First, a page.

“General Allenby’s entry into the city means that the yoke of the Turk is broken for ever. The Sultan will dominate the Holy Places no more; the scattered Jews will have a prospect of returning as a free people to their national home, and a new order will be established, founded upon the ideals of righteousness and justice.”

The same writer added:

“The British Commander made his entry accompanied by the Commanders of the French and Italian detachments and the military attachés of France, Italy and the United States. Unlike the bombastic and spectacular entry of the German Emperor – who, though in reality a Cook’s tourist, rode into the city in the theatrical guise of a conqueror, and proceeded to preach a political sermon in a German church – General Allenby and his companions were on foot, and made no effort to impress the imagination of the spectators. No effort was needed. The measures taken spoke and will speak for themselves.”

In the early months of 1918, the pages of The Christadelphian also contained much comment on these events alongside repetition of what had been said elsewhere.

“‘“The capture of Jerusalem by British troops marks a turning point of the war in the East, and without exaggeration, a new era in the history of mankind”, said Dr Weizmann, head of the English Zionist Federation, to a Daily News representative last night. “The British flag flies on the hills of Judea, and that means liberty, justice, and civilisation where before reigned destruction, strife and barbarism”’ … The Chief Rabbi, Dr. Hertz, made the following statement:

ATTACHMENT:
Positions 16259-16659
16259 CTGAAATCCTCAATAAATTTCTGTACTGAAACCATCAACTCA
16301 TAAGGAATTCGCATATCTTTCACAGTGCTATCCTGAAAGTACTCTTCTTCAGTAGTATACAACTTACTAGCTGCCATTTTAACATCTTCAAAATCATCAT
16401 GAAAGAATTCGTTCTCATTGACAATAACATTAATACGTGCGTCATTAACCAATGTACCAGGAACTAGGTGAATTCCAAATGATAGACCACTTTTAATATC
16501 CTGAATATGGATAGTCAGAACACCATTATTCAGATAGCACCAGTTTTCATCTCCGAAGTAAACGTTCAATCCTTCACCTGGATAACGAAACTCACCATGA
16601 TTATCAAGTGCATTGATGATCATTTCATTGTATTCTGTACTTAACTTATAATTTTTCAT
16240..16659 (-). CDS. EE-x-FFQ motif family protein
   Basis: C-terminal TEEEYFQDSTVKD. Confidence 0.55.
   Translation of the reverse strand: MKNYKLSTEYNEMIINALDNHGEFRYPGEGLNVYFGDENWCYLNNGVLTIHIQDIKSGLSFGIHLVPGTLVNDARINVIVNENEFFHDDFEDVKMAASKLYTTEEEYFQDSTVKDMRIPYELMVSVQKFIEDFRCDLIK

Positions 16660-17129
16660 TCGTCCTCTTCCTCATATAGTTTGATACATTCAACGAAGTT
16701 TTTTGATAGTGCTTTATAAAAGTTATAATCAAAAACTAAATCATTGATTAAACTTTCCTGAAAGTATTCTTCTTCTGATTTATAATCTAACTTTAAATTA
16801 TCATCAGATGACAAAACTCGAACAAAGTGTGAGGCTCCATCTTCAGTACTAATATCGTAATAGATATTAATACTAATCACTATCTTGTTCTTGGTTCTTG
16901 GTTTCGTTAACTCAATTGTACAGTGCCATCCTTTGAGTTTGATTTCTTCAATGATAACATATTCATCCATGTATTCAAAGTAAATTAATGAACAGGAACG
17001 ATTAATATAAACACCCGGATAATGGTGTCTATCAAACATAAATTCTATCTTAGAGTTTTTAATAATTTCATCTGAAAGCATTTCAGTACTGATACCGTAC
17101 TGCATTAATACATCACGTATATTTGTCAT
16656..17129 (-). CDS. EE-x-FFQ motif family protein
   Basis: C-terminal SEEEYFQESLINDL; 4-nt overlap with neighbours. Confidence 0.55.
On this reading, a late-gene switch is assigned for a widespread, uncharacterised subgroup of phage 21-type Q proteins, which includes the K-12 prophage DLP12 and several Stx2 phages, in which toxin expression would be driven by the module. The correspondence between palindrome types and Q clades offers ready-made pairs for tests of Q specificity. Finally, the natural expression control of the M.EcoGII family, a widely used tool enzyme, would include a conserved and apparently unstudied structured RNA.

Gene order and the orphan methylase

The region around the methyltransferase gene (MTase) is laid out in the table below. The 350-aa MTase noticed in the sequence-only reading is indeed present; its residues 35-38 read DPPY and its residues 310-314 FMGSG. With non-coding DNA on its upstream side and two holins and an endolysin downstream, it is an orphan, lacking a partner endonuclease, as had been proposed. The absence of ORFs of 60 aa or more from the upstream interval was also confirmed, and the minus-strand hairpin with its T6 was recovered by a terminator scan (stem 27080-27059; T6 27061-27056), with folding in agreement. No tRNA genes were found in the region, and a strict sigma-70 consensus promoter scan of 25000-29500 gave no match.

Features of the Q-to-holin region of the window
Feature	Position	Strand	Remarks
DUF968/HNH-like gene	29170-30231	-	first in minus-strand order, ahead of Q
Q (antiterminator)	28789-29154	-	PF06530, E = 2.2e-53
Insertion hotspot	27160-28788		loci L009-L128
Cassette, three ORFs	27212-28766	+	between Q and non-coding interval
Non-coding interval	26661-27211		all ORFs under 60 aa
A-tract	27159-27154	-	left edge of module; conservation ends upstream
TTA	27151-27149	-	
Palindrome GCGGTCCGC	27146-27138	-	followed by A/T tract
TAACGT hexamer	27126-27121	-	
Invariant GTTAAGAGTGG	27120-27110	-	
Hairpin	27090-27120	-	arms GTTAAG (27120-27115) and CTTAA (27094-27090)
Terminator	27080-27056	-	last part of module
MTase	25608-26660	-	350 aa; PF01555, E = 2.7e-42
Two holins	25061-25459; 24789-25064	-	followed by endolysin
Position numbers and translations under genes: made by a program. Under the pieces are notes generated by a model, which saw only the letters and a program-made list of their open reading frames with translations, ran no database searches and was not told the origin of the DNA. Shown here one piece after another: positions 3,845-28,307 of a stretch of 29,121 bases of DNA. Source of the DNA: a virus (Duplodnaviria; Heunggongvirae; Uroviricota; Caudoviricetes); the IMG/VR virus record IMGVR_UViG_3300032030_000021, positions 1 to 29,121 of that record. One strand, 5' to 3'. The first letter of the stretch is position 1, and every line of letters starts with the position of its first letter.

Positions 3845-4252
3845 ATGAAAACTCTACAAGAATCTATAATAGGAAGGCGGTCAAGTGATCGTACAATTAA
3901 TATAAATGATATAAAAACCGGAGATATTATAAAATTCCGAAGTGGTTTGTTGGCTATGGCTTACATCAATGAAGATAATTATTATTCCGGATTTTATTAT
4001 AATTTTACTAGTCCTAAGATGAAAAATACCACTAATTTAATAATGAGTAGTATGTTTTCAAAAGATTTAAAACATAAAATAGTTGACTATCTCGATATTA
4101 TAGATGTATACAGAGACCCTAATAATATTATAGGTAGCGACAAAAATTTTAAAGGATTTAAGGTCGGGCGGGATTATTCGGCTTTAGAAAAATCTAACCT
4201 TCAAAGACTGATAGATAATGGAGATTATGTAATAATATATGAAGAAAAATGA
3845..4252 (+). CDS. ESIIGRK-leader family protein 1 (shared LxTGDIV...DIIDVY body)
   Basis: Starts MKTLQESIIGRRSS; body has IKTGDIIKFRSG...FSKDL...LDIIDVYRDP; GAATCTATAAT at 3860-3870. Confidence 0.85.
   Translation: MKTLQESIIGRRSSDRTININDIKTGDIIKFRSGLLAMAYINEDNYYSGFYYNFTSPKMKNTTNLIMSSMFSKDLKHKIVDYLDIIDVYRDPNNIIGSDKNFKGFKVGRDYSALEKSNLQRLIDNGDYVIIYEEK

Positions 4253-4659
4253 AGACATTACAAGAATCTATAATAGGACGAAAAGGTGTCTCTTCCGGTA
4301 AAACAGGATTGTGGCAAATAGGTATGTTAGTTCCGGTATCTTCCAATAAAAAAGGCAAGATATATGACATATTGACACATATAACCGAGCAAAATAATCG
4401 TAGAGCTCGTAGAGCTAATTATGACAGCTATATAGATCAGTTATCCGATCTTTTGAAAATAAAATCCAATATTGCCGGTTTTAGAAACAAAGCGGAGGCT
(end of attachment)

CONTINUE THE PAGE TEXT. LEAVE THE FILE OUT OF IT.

‘Jerusalem, which for ages has been the magnetic pole of the love and reverence of the world, is now in British hands, and this soul-thrilling news reaches us on the day that the Jews are celebrating the Maccabean festival [Hanukkah]. On this very day 2,070 years ago the Maccabees freed the Holy City from the heathen oppressor and thereby changed the spiritual future of humanity. Who knows that today’s victory may form as glorious a landmark in the history of mankind?’ … The Jewish Chronicle devotes seventeen columns to a report of the great meeting held in the Opera House, London, to thank the Government for its declaration on behalf of the Jews. There was an immense audience … Lord Rothschild presided and there were many famous speakers, including Lord Robert Cecil, the Chief Rabbi, Mr Herbert Samuel, Col. Sir Mark Sykes, Mr. Zangwill, and M. Sokolow. There were also Arab and Armenian speakers. Lord Robert Cecil said he believed that the British support of Zionism would have a far-reaching influence on the history of the world, and consequences which none can foresee on the future history of the human race (Loud cheers). Mr. Herbert Samuel, who spoke brilliantly, said that it was now possible to say, not as a pious and distant wish, but as a near and confident hope – ‘Next year in Jerusalem.’ The Chief Rabbi recalled the decree of Cyrus and quoted Psalm 126. Mr. Zangwill painted a lurid picture of the state of the world and quoted the prophecy of ‘our own Isaiah’, ‘They shall beat their swords into ploughshares’. He spoke of Palestine as a land ‘ruined not by German war, but Turkish peace’. Capt. Ormsby Gore M.P., said he felt that, ‘Behind it all was the finger of Almighty God.’” [1]